The show must go on. From a stalled turn to worthy introductions, meet the Filipino and Filipino-American actors making their Broadway debut soon.
Representation, for all its tepid progress, is still a necessary conversation, period. Sure, one will argue that considerable strides have been made in that regard, but bookended with all the injustice, racism, and inequality that continue to course through the systems of society, this is something that should not only be talked about it, but acted on now more than ever. Seen and felt across many industries, this is the most apparent in media and entertainment where to this day, the struggle to level with and have the same opportunities as the predominant bias, which let’s be real, is mostly still a white supremacy, persist. For every bannering of diversity or commitment to inclusion, there still remains a deep-seated prejudice, which bold and brave people are working to not only break, but eliminate altogether. On Broadway for example, roles for Asians are far and in between, much more Filipino actors.
Let’s be real, unless you’re really into the theater scene, which is arguably a robust fraction of pop culture in itself, your perception of Filipino representation on Broadway is limited to Lea Salonga. There is no discounting the trails blazed and opportunities carved out by the indefatigable living legend, because at a time when it was unheard of, she showed the West End and Broadway audiences, as well as of the rest of the world that the Filipinos are not only racially ambiguous ensembles, but stars who can headline and hero a show. Together with Lea Salonga on the groundbreaking stage of Miss Saigon, Isay Alvarez, Monique Wilson, Pinky Amador, Joanna Ampil and many other Filipino theater greats, they stormed the stages of the West End and Broadway with an underlying subtext to their roles that resonated far and wide: we are here.
The Matter Of Representation
Since then, many Filipino theater actors have taken to the West End and Broadway, their names rightfully decorated by marquee lights and met with thunderous applause after every performance.
In the enduring history of Miss Saigon alone, we’ve seen the likes of Rachelle Ann Go, Jon Jon Briones, and Eva Noblezada flourish to international acclaim. Singers like Aicelle Santos, Mark Bautista, and Gerald Santos have had successful and critically acclaimed turns on international tours and stages, and Red Concepcion in a particularly thriving turn in the star-making role as the Engineer on the US and UK tour of Miss Saigon. Many more have been raising the Philippine flag on these critical and commercial stages such as Christine Allado (Hamilton, Prince of Egypt), Marc dela Cruz (Hamilton), Nacho Tambunting (Felix Starro), and even Clint Ramos, Tony Award nominated costume and set designer (Slave Play, The Rose Tattoo) and Jessica Hagedorn (playwright, Felix Starro).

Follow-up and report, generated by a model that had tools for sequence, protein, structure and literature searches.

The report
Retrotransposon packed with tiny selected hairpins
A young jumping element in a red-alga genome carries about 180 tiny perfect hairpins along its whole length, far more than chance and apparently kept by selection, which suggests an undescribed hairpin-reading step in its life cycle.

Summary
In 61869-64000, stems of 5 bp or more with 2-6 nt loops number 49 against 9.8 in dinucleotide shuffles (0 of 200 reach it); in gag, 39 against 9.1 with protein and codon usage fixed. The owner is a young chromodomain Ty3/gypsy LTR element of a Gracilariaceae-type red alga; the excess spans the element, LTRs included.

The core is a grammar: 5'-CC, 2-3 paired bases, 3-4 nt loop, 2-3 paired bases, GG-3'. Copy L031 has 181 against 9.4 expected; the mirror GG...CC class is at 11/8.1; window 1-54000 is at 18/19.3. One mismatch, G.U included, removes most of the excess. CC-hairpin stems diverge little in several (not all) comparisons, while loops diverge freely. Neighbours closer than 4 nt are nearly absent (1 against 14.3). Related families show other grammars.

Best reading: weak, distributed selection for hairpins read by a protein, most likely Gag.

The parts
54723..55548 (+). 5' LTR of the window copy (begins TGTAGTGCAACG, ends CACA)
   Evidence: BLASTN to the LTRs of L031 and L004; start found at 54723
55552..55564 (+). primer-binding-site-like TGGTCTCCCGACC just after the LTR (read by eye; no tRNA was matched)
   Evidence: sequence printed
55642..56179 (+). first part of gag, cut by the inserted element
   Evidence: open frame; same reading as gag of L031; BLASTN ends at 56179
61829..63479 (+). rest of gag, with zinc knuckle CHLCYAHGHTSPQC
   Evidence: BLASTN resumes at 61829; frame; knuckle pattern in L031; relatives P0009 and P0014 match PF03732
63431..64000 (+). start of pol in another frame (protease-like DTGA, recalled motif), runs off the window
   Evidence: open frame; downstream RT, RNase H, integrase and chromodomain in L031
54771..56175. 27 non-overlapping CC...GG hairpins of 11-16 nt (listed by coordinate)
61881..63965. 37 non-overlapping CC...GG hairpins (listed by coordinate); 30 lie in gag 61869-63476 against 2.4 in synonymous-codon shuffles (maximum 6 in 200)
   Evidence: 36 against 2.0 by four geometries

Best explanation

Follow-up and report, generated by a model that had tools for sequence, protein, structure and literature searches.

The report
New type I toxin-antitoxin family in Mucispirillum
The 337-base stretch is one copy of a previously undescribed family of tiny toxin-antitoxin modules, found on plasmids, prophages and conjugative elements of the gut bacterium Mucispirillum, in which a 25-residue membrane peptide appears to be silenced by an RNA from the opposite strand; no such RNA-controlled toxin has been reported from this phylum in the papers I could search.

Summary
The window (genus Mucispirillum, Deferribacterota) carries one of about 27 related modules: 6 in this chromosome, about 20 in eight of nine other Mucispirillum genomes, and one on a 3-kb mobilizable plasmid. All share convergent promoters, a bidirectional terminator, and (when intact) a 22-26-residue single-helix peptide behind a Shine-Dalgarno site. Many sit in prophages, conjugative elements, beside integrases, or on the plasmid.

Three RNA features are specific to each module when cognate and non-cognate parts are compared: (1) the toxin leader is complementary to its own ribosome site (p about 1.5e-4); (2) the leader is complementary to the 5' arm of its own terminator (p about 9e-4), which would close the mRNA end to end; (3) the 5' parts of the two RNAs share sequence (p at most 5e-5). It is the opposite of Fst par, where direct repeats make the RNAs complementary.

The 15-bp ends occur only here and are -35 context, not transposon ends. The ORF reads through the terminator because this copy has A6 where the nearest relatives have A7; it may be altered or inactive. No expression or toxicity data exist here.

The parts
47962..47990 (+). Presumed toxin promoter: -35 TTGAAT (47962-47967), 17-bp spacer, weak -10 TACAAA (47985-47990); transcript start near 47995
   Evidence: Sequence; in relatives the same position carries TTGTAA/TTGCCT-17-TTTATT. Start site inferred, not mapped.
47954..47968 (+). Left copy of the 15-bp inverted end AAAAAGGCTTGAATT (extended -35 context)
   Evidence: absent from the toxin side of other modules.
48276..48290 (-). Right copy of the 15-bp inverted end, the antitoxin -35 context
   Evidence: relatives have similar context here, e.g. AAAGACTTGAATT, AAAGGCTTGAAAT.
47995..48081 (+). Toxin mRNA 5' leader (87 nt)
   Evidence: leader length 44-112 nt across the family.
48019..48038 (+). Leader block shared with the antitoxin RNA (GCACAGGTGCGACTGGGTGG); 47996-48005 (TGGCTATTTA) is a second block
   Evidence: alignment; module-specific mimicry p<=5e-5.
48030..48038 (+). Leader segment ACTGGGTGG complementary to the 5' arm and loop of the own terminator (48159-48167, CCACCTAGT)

Not that it was ever argued, but clearly, when it comes to talent onstage, especially the Broadway and West End kind, Filipinos will always deliver, and then some. Trust us, there a lot more names and dreams to go around in the Great White Way, and the rest of the audience is starting to pay attention. Already a force to be reckoned with, more Filipino actors, both of pure and mixed decent, are stepping into the light as the curtains are set to finally rise on Broadway after the theater district went dark due to the onslaught of the pandemic.
Let it be known, that while the journey of representation and prominence is slow and steady, these names will be occupying their rightful places in the hall of legends as some of the many greats that have thoroughly entertained and affected. Sure, they may be telling someone else’s stories, but perhaps soon enough, we will be seeing these actors bring the house down in a Filipino original singing our songs, in our language, on the big, bright, and brilliant Broadway stage.
From a stalled turn to worthy introductions, meet the Filipino and Filipino-American actors making their Broadway debut soon.
Natalie Mendoza, Moulin Rouge
“May we present to you, the Sparkling Diamond. The unique, the indomitable…Satine,” and so writes the official Instagram page of Moulin Rouge the musical before introducing its new star, Natalie Mendoza who steps in the role originated by Karen Olivo. Born in Hong Kong to an English and German mother and Filipino and Spanish father, Mendoza holds the show close to heart as she was actually cast in the award-winning film starring Ewan McGregor and Nicole Kidman as China Doll. “This rare jewel of an opportunity to play a character like her on Broadway feels like a full circle moment,” says the proudly Filipino artist, actor, and teacher. “Love is the eternal healer, and there truly couldn’t be a better time to share in the frequency of love and joy that this musical specifically exudes and that ew and the world need to remember this unique moment in history.”